Movie Clips

Sparrow contains a very lightweight movie class: SPMovieClip. You can imagine this class as an SPImage with changing textures. (As it extends SPImage, it is really just that.)

Acquiring Textures

It is recommended that all frames of your movie clip are from one texture atlas, and that all of them have the same size (if they have not, they will be stretched to the size of the first frame).

You can use tools like Adobe Flash Pro to create such an animation (beginning with Flash CS 6, you can export any movie in Sparrow's format).

This is a sample of a texture atlas that contains the frames of a movie clip. First, look at the XML with the frame coordinates. Note that each frame starts with the name “flight_”.

<TextureAtlas imagePath="atlas.png">
    <SubTexture name="flight_00" x="0"   y="0" width="50" height="50" />
    <SubTexture name="flight_01" x="50"  y="0" width="50" height="50" />
    <SubTexture name="flight_02" x="100" y="0" width="50" height="50" />
    <SubTexture name="flight_03" x="150" y="0" width="50" height="50" />
    <!-- ... -->

Here is the corresponding texture:

Creating the MovieClip

Now let's create the MovieClip:

// we're using the textures from an atlas
SPTextureAtlas *atlas = [SPTextureAtlas atlasWithContentsOfFile:@"atlas.xml"];
// this method returns all textures starting with the given string, sorted alphabetically.
// -> e.g. "flight_00", "flight_01", "flight_02"
NSArray *textures = [atlas texturesStartingWith:@"flight_"];
// create movie clip
SPMovieClip *movie = [[SPMovieClip alloc] initWithFrames:textures fps:10];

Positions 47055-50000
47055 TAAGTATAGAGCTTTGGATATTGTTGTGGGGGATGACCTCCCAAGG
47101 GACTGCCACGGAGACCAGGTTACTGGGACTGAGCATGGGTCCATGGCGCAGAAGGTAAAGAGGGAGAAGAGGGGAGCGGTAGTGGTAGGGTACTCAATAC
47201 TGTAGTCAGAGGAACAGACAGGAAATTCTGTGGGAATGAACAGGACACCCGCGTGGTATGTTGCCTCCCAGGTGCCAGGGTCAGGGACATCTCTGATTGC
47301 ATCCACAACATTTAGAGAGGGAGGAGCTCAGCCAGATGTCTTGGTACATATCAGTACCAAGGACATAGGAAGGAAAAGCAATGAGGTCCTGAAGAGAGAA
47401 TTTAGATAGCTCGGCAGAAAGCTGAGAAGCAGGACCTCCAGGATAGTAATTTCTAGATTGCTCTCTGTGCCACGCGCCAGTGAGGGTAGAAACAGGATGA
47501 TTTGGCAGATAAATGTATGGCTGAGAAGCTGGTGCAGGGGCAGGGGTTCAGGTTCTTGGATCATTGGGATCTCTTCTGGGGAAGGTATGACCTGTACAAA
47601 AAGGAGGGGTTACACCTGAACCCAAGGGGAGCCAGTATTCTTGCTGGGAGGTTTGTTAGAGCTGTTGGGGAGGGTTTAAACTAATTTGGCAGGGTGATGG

// control playback:
[movie play];
[movie pause];
// looping:
movie.loop = NO; // default: YES
// important: add clip to juggler
[Sparrow.juggler addObject:movie]

We created a movie from the provided textures and a playback rate of 10 frames per second. Like all animations, it has to be handed over to a juggler — don't forget that!

You can also use custom durations for certain frames, and start playback of a sound whenever a certain frame is displayed.

// add another frame that is displayed for half a second
[movie addFrameWithTexture:texture3 duration:0.5];
// add sound at frame 0
SPSound *sound = [SPSound soundWithContentsOfFile:@"sound.caf"];
[movie setSound:[sound createChannel] atIndex:0];
// listen for the COMPLETED event (dispatched once per loop)
[movie addEventListenerForType:SP_EVENT_TYPE_COMPLETED block:^(id event)
    NSLog(@"movie completed");

All in all, the class provides a very simple way to display an animation that's made up from lots of smaller images.

More Complex Videos

A downside of this animation technique has to be mentioned, though: you will run out of texture memory if your animations are either very long or if the individual frames are very big. If your animations take up several big texture atlases, they might not fit into memory.

For these kinds of animations, you need to switch to a more elaborate solution: skeletal animation. You have to split up your object into different bones and animate them separately. Going into detail on that topic is out of the scope of this manual; however, I recommend you look at the Flump plugin to achieve this in Sparrow.

Next section: Audio Playback

  manual/movie_clips.txt · Last modified: 2015/01/08 11:27 by daniel
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